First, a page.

Table of contents
In regards to beef, COVID-19 is still effecting the market and shutdowns. However, the cattle herd continues on its rebuild where the eastern young cattle indications have soared above 1,000c for the first time. Heavier trade lambs are reaching 1,000c/kg cwt. In contrast, lighter trade lambs are trading at a discount and in some instances around 800c/kg cwt. Merino and heavy lambs are also trading at elevated levels. The pork market will continue to tighten with pig kill numbers starting to lower, due to seasonality. It will also start to affect pig weights with warmer months producing lighter pigs, resulting in less meat available as finished goods.
In regards to Atlantic salmon, export is 14% higher than 2020. The current biomass is 5-7% higher than the same time last year which is underpinned by higher feed input. As a result, prices will start to soften. The first supply of the season for South American Flathead has arrived into the Australian market with supply generally in the smaller 2/4 oz & 4/6 oz sizes with very little of the most popular 6/8 oz size. Most major shrimp producing countries are currently experiencing severe impact due to COVID-19. Vietnam, India, Thailand and Indonesia have all been very hard-hit by the newer more virulent strains.
COVID-19 is still effecting the market and shutdowns.
The cattle herd continues on its rebuild where the eastern young cattle indications soar above 1000c for the first time.
Supply constraints are heavily focused around cattle security across all grades. There has been a slight reduction in pricing of beef as a result of the pressures of COVID-19 restrictions.
These slight reductions will be short lived as cattle pricing and supply become tougher for producers, as well as the anticipation of markets waking up during the spring.
Due to cattle producers holding off on liquidating stock to processors, the weights of cattle on feed increase which, in turn, is resulting in heavier primal to enter the marketplace as opposed to 18- 24 months ago.
The cattle and beef market continues to challenge the status quo for both consumers and processors which is resulting in having to find alternative ways to continually adapt to these changes.
The EYCI (Eastern Young Cattle Indicator) hit a new all-time record, breaking through the 1,000c/kg mark to hit 1,003c/kg cwt. It returned to below 1,000c/kg, sitting at 988c/kg cwt. At this price, the EYCI is still performing well and is 235c/kg above the same time last year.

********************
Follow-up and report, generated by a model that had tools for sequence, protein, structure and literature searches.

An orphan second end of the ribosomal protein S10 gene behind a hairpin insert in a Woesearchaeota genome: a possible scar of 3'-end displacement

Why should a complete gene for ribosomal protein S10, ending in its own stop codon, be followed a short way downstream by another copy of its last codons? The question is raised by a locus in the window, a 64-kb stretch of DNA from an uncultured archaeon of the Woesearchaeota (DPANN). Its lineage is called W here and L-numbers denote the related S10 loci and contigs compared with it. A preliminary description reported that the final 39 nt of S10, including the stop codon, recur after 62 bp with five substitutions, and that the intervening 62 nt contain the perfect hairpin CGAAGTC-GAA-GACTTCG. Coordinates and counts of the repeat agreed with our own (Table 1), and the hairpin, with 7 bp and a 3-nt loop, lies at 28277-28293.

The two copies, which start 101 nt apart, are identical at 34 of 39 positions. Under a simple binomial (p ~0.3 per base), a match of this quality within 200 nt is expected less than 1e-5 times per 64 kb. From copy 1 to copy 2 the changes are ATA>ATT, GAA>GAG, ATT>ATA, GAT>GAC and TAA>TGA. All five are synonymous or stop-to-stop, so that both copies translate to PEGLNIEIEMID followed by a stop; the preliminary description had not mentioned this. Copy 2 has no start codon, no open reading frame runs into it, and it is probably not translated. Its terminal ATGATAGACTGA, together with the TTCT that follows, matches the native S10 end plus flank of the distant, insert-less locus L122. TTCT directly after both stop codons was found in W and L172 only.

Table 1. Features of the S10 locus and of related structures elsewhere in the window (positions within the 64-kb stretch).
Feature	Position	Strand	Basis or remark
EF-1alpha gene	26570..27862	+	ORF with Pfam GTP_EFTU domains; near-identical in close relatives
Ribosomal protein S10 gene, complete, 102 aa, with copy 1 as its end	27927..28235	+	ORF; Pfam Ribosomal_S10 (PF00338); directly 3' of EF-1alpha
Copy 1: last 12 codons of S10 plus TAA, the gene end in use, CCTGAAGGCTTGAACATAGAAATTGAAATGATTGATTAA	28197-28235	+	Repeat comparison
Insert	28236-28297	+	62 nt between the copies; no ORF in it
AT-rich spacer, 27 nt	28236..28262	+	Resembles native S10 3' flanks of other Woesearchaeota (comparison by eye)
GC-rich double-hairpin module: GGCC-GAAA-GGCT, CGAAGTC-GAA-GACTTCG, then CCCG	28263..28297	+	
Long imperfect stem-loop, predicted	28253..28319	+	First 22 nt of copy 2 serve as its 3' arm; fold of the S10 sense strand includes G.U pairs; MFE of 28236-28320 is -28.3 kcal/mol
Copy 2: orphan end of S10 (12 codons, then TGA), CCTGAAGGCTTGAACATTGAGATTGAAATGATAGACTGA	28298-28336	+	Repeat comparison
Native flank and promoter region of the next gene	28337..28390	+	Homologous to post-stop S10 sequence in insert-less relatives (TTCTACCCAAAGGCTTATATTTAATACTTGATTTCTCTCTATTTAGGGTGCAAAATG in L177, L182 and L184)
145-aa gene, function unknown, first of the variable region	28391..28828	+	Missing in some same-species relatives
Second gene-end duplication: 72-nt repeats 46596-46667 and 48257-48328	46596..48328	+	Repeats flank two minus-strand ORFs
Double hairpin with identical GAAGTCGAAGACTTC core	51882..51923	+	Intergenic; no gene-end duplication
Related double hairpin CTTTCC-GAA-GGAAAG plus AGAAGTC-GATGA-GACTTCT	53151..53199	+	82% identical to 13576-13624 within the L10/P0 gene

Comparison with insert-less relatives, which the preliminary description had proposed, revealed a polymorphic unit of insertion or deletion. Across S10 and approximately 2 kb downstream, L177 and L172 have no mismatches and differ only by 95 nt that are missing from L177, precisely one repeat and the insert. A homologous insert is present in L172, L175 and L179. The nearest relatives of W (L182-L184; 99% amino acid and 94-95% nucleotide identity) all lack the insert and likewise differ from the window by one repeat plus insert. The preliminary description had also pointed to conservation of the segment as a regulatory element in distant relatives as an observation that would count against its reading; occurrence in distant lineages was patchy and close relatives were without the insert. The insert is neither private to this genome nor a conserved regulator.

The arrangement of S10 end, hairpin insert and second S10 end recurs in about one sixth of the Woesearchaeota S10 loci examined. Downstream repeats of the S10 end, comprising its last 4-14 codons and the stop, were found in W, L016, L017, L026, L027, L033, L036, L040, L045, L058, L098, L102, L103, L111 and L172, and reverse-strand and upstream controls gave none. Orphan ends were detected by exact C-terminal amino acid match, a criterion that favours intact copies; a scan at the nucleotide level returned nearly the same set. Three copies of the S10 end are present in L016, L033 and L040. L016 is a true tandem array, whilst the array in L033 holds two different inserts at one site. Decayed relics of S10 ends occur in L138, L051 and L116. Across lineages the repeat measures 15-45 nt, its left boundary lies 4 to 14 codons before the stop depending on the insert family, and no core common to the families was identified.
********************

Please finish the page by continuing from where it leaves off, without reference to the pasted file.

Heavier trade lambs are reaching 1,000c/ kg cwt. In contrast, lighter trade lambs are trading at a discount and in some instances around 800c/kg cwt. Merino and heavy lambs are also trading at elevated levels.
The market will continue to tighten with pig kill numbers starting to lower due to seasonality. It will also start to affect pig weights with warmer months producing lighter pigs, resulting in less meat available as finished goods.
Pricing will continue to firm and increase.
It is very difficult to predict where prices are trending at the moment due to the COVID-19 lockdowns.
There has been an oversupply of chicken products due to these lockdowns. As the restrictions are relaxed or removed, the demand will increase for enterprises that have been closed or working at reduced capacity.
Bird producers at this time will be looking to increase the prices.
Norwegian Atlantic Salmon
Export is 14% higher than 2020. The current biomass is 5-7% higher than the same time last year which is underpinned by higher feed input. As a result, prices will start to soften.
Salmon production from Chile is down on expectations, resulting in slightly lower total global salmon output for the remainder of 2021.
It is anticipated that prices will firm as Christmas and New Year approach.
Local Wild Caught
Catches have extended through the winter months as predicted and stocks into the market have been good up until now.